Now, the force is not evolutionary; it’s revolutionary. “The time has come,” as the Walrus said to the Carpenter in Caroll’s Alice in Wonderland, “to talk of many things.”

     

    NANOGRAPHIC PRINTING

    Although the introduction of Landa Nanographic Printing has been covered before in drupa Snooper, it continues to fixate the eyes of the world printing community. You can’t write about the Olympics and 100 metre sprinting without mentioning Usain Bolt, and the same applies to digital printing and Benny Landa. Since breaking the news to the world about Landa Labs and Nanography in January, two significant partnership deals have been announced. Both Komori and manroland sheetfed have signed up to incorporate Landa Nanography in their digital press strategies. In the case of Komori, the company was already supplying the paper handling tech to Landa much in the same way that Ryobi once supplied press chassis and feed for the Indigo.

    What in essence is the magnetic force drawing two of the world’s largest offset press manufacturers towards the Nanographic process? Well here I have to enter the murky realm of speculation because the process itself will not be fully revealed until tomorrow.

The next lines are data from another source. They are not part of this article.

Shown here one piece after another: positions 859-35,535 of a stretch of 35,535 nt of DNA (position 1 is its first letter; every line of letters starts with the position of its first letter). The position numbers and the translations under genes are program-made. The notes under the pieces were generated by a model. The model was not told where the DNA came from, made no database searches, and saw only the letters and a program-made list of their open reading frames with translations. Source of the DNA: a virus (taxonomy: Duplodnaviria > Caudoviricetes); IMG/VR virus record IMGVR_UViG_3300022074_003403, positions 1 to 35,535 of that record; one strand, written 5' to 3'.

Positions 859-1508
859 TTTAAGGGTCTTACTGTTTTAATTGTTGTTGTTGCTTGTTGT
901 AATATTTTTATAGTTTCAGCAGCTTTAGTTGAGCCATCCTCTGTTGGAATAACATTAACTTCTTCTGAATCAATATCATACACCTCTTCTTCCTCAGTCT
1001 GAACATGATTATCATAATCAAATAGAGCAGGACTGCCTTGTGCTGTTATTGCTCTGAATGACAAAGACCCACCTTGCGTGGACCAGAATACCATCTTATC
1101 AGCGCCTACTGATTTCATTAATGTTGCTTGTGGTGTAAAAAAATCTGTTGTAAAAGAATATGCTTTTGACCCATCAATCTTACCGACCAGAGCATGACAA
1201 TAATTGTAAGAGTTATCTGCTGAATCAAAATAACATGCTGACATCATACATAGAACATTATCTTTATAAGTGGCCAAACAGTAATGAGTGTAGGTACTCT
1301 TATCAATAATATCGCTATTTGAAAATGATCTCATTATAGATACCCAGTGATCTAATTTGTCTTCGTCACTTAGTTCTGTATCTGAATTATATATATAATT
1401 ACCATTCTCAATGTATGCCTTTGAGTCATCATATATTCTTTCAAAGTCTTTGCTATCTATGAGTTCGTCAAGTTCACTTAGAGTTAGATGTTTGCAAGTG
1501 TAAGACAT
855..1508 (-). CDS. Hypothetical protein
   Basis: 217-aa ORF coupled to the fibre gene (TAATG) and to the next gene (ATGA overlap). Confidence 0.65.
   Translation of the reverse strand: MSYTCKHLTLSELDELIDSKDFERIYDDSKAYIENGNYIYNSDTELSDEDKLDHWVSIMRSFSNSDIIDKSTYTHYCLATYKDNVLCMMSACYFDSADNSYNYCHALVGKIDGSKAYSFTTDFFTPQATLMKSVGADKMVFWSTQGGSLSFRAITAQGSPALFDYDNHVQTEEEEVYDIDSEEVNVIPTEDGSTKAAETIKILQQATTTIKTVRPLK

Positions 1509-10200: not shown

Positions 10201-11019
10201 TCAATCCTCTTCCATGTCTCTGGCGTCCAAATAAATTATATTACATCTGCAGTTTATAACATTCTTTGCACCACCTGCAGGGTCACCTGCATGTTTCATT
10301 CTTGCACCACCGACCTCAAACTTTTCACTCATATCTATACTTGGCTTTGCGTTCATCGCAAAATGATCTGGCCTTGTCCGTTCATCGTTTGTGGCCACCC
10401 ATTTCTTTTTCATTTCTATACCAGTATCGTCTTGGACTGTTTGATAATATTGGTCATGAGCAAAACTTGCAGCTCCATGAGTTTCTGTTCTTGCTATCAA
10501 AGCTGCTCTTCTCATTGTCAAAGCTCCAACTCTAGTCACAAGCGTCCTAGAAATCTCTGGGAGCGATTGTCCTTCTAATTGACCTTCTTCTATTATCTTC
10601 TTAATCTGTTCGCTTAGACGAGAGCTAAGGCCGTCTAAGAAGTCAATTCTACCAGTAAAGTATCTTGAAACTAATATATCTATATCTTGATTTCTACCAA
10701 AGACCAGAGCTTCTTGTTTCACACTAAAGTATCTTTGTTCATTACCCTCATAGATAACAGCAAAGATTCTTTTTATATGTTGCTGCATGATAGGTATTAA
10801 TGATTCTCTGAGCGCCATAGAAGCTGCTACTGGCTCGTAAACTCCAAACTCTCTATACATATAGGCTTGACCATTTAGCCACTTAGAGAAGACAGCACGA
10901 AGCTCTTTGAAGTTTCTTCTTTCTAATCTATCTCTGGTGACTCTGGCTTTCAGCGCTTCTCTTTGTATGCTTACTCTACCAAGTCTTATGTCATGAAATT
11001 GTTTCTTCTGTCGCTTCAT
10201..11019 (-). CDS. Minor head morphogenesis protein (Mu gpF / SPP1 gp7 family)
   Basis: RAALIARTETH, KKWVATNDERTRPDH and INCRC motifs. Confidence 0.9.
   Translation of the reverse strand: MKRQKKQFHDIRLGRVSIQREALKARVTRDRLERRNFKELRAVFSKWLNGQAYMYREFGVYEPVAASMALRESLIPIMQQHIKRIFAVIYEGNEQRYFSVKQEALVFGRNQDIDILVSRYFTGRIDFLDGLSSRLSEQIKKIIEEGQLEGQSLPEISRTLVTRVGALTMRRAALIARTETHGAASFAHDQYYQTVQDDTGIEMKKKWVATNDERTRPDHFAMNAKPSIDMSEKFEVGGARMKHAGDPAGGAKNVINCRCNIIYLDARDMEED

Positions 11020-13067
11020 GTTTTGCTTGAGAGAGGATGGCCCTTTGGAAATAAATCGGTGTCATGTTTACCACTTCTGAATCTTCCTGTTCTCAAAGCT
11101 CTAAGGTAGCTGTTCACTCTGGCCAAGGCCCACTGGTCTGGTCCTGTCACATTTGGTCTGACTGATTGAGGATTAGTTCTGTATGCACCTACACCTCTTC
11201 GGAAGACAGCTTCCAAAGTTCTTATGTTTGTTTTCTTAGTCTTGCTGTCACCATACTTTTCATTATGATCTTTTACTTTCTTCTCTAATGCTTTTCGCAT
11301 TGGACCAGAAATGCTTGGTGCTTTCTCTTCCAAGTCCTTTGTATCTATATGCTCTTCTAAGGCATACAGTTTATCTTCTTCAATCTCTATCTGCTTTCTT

My belief is that Landa Nanography does not use the inkjet heads to jet the image directly to paper. The term used by the company: ‘ink ejectors’ and the ability to print on any offset stock – even plastic – without inkjet receptive coatings leads me to believe that the piezo printheads create a reverse image on a blanket cylinder, which is then impressed into the substrate. Variable data can still be achieved in the same way as Landa’s prior invention – Indigo – achieves it by an almost total release of ink from blanket (or OPC) to substrate and then a doctor-blade system to catch any micro particles that remain behind. So, it uses inkjet digitally but off-sets the image – it’s Offset on steroids!